Salt Loading in Diuretic-Resistant ADHF -- Really?

Tejas P. Desai, MD


March 31, 2020

The premise of acute decompensated heart failure (ADHF) management has been to increase natriuresis, primarily by decreasing sodium reabsorption in the nephron. Salt-loading of patients with ADHF through hypertonic saline is both counterintuitive and a source of legitimate anxiety for many physicians. However, a new study rekindles the idea of promoting natriuresis through increasing renal plasma flow by salt "loading."

Hypertonic Saline: Help or Harm?

How can promoting the very thing that we are trying to treat (symptomatic volume overload) be therapeutic? Yale University investigators who have been using hypertonic saline under strict observation report their findings from 40 patients with diuretic-resistant ADHF—defined as a decompensated state despite a median daily furosemide dose of 400 mg. These patients were given two to seven "doses" of 3% saline infusion, administered over 30 minutes and continued at the discretion of the physician. Both urine output and daily weight were measured 3 days before initiation of hypertonic saline (when patients received only high-dose diuretic) and 3 days after. Because infusion of hypertonic saline is somewhat anxiety-provoking, the treating physician monitored both supplemental oxygen use and fraction of inspired oxygen (FIO2) levels before and after initiation.

This retrospective study showed a greater daily weight reduction and greater urine output with hypertonic saline. Most of the patients in the chart review did not experience an adverse event when given hypertonic saline; there was no increase in the number of patients who needed supplemental oxygen (43% pre- and post-saline), and the FIO2 remained constant during the saline infusion period.

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I was initially impressed by these results, until I dug a bit deeper and was puzzled at the high number of patients receiving inotropic support (64%). If the therapeutic effect of hypertonic saline in ADHF is to increase renal blood flow and thereby increase sodium excretion, why wouldn't a similar result be seen with inotropic support alone? Is hypertonic saline influencing natriuresis by a mechanism other than altering renal blood flow alone? Is the larger weight loss due to enhanced salt or free water excretion? Urine electrolyte values were not reported, making it difficult to ascertain the "quality" of urine. With these limitations, I would not be surprised if most readers move hypertonic saline to the back of the treatment line for ADHF. A randomized trial of hypertonic saline in ADHF, however, may change that.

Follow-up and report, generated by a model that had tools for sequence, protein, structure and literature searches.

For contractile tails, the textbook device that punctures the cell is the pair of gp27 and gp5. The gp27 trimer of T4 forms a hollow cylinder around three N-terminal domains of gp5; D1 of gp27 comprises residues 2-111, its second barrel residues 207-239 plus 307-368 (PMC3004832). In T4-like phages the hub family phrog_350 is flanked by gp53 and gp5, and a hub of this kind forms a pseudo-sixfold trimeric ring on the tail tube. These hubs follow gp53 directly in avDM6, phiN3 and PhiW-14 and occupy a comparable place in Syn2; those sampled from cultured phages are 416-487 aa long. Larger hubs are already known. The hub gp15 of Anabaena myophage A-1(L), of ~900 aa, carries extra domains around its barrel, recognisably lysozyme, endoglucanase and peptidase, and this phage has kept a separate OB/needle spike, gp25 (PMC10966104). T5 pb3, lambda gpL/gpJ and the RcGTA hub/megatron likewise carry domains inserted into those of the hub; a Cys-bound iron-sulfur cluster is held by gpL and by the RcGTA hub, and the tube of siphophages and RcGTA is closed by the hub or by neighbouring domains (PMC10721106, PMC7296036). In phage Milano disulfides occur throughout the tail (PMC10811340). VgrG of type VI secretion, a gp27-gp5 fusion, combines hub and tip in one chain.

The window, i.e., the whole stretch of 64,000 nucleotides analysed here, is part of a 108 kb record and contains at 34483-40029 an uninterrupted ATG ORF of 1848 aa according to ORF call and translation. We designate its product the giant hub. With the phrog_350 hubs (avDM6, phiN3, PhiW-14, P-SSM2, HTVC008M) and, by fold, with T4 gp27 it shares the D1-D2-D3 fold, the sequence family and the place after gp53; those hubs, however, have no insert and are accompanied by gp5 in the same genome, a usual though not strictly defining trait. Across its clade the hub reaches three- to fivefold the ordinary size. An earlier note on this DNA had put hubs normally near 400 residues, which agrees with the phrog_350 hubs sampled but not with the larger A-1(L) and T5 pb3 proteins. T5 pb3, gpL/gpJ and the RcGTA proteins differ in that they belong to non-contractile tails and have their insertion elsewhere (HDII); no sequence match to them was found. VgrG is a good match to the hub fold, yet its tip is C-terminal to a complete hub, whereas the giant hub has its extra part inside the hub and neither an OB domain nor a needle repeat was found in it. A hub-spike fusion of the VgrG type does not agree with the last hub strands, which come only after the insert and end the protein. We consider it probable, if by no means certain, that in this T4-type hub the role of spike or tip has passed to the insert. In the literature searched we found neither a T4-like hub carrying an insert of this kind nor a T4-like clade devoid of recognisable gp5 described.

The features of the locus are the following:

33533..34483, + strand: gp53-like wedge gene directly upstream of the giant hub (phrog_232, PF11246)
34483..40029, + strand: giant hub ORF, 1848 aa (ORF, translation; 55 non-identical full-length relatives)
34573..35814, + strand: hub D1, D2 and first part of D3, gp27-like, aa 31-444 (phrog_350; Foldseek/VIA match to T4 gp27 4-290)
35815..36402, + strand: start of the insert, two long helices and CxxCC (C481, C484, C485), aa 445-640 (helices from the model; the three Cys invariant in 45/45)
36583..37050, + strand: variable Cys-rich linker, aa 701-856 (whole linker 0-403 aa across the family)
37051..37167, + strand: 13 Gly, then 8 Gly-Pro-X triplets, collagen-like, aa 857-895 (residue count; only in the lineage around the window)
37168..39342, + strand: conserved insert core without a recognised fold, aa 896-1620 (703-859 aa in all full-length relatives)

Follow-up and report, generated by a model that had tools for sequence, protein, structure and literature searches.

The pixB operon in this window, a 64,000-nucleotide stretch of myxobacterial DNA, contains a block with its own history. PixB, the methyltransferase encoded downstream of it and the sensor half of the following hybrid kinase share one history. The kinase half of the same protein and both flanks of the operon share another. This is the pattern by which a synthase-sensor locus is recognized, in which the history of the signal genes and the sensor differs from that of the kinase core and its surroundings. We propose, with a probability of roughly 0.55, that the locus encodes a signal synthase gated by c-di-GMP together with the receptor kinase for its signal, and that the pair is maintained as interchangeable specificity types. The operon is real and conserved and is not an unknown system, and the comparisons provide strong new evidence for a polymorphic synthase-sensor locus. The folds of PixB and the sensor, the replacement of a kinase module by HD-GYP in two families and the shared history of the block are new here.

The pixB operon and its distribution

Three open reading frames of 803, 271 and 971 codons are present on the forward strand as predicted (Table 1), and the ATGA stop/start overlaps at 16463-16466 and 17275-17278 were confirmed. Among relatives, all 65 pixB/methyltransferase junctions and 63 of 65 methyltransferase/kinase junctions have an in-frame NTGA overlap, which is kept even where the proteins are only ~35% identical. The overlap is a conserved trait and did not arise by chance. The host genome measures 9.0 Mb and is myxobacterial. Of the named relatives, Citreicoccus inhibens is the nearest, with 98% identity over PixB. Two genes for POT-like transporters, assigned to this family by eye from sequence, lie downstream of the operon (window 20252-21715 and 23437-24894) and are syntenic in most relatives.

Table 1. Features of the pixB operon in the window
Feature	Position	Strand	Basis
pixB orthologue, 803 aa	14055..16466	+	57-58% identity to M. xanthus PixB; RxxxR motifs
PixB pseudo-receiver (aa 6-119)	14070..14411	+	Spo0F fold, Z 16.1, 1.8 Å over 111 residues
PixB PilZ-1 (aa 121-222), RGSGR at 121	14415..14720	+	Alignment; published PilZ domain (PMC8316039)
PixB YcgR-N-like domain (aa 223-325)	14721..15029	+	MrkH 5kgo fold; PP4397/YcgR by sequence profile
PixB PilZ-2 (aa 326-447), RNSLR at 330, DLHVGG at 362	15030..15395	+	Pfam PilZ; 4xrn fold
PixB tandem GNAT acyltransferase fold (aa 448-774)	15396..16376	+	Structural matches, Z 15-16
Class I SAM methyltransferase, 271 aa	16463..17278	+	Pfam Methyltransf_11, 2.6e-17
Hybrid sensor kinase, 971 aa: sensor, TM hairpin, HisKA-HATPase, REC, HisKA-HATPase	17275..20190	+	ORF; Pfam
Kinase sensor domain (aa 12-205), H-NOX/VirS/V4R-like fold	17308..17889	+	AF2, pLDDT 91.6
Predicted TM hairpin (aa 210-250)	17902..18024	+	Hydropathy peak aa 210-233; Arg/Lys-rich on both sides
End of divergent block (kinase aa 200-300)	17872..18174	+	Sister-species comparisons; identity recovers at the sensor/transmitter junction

Studied Before

As it happens, two decades ago, investigators in Italy randomly assigned 60 patients with ADHF to continue high-dose loop diuretic alone or in combination with hypertonic saline. The patients had New York Heart Association (NYHA) class IV heart failure and were refractory to high-dose diuretics. Those in the hypertonic saline arm were dosed on the basis of their degree of hyponatremia: the more severe the hyponatremia, the greater the salinity infused. Hypertonic saline was administered twice daily until NYHA class IIb and ideal body weight were achieved, after which therapy was converted to oral furosemide in all patients. None of the patients was maintained on an inotropic agent.

The patients with ADHF who received hypertonic saline lost more weight, made more urine, and excreted more sodium than those maintained on high-dose diuretic only. And they spent fewer days in the hospital. Despite being small, this randomized study suggests that hypertonic saline without inotropic support is safe and can improve diuretic-resistant ADHF. So why aren't we using it?

A common misperception is that peripheral vein infusion is an absolute contraindication or that administration can be done only in an intensive care unit. Make no mistake, indiscriminate and unmonitored infusion of hypertonic saline is dangerous and ill-advised, but that doesn't mean we can ignore its potential benefit in treating patients with ADHF. We need more randomized trials, like the one performed in Italy two decades ago, to get us more comfortable using hypertonic saline in patients with ADHF.

Do you have experience with hypertonic saline in patients with ADHF? Share your insights in the comments below.

Tejas P. Desai, MD, is a practicing nephrologist in Charlotte, North Carolina. His academic interests include the use of social media for physician, student, and patient education. He is the founder of NOD Analytics, a free social media analytics group that serves the medical education community. He has two wonderful children and enjoys spending time with them and his wife.

Follow Tejas P. Desai, MD, on Twitter: @nephondemand

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